Background There are limited data on acute injury-related medical encounters (injuries) in endurance cycling events.
Objective To determine the risk factors for injuries during a mass community-based endurance cycling event.
Design Retrospective, cross-sectional study.
Setting Cape Town Cycle Tour (109 km), South Africa.
Participants 102 251 race starters.
Methods All injuries for 3 years were recorded by race medical doctors and nurses. Injuries were grouped into main anatomical area of injury, and a Poisson regression model was used to determine the risk factors associated with injuries.
Results The four injury risk factors associated with all injuries during an endurance cycling event were sex (women vs men, p<0.0001), older age (p=0.0005), faster cycling speed (p<0.0001) and higher average individualised Wind Speed (aiWindSpeed, p<0.0001). The only risk factor for serious/life-threatening injuries was women (p=0.0413). For specific main anatomical areas: head/neck (women), upper limb (women, older age, faster cyclists), trunk (women, higher aiWindSpeed), and lower limb (higher aiWindSpeed).
Conclusion Women, older age, faster cycling speed and higher aiWindSpeed were all risk factors for acute injuries during a mass community-based endurance cycling event. These risk factors should help inform race organisers and medical teams on race day to ensure the best medical care is given, and effective acute injury prevention programmes are disseminated.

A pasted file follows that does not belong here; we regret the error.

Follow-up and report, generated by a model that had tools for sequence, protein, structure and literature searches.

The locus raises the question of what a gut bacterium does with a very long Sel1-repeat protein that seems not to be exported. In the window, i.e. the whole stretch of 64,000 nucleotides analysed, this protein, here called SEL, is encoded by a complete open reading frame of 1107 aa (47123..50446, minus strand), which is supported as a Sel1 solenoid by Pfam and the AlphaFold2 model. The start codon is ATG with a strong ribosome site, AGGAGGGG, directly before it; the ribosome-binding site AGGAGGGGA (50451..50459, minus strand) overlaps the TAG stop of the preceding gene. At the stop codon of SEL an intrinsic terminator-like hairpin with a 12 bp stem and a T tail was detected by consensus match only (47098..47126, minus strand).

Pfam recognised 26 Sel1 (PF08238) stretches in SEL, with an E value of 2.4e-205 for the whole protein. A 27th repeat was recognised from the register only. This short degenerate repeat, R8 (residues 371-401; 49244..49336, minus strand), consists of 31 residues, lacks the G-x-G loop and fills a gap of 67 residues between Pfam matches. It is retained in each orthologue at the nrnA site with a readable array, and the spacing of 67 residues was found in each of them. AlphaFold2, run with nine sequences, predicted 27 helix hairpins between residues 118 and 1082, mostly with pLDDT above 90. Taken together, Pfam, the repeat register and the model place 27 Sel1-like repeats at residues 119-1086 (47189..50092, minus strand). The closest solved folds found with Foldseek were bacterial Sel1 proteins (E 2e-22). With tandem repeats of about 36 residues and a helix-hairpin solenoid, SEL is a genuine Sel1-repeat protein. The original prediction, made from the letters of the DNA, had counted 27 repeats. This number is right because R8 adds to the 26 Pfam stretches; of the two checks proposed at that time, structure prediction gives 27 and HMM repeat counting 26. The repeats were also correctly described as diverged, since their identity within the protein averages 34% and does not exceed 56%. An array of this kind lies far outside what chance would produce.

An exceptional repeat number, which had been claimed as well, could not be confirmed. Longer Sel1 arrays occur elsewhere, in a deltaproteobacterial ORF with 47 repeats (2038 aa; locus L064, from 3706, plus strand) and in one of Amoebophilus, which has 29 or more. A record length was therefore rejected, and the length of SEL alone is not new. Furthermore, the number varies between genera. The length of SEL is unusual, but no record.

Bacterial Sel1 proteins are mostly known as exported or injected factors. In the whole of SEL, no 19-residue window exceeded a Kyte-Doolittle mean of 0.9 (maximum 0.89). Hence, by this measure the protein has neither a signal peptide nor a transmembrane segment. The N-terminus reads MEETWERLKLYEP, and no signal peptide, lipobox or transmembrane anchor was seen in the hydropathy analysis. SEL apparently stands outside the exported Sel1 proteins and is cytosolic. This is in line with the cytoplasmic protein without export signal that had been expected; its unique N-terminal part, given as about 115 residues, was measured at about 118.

- risk factor research
- multiple injury
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Contributors JK: study concept, study planning, data collection, data cleaning, data interpretation and manuscript editing. NAS: data interpretation, manuscript (first draft) and manuscript editing. MS: responsible for the overall content as guarantor, study concept, study planning, data cleaning, data interpretation, manuscript (first draft), manuscript editing and facilitating funding. SS and EJ: study planning, data analysis including statistical analysis, data interpretation and manuscript editing. DJvR: study concept, study planning, data interpretation and manuscript editing.
Funding IOC Research Center (South Africa) (partial funding): RBU/cftr/2019-10.
Competing interests None declared.
Patient and public involvement Patients and/or the public were not involved in the design, or conduct, or reporting, or dissemination plans of this research.
Patient consent for publication Not required.
Ethics approval Ethical clearance was obtained from the Research Ethics Committee of the University of Pretoria (REC R430/2015).
Provenance and peer review Not commissioned; externally peer reviewed.
Data availability statement No data are available.
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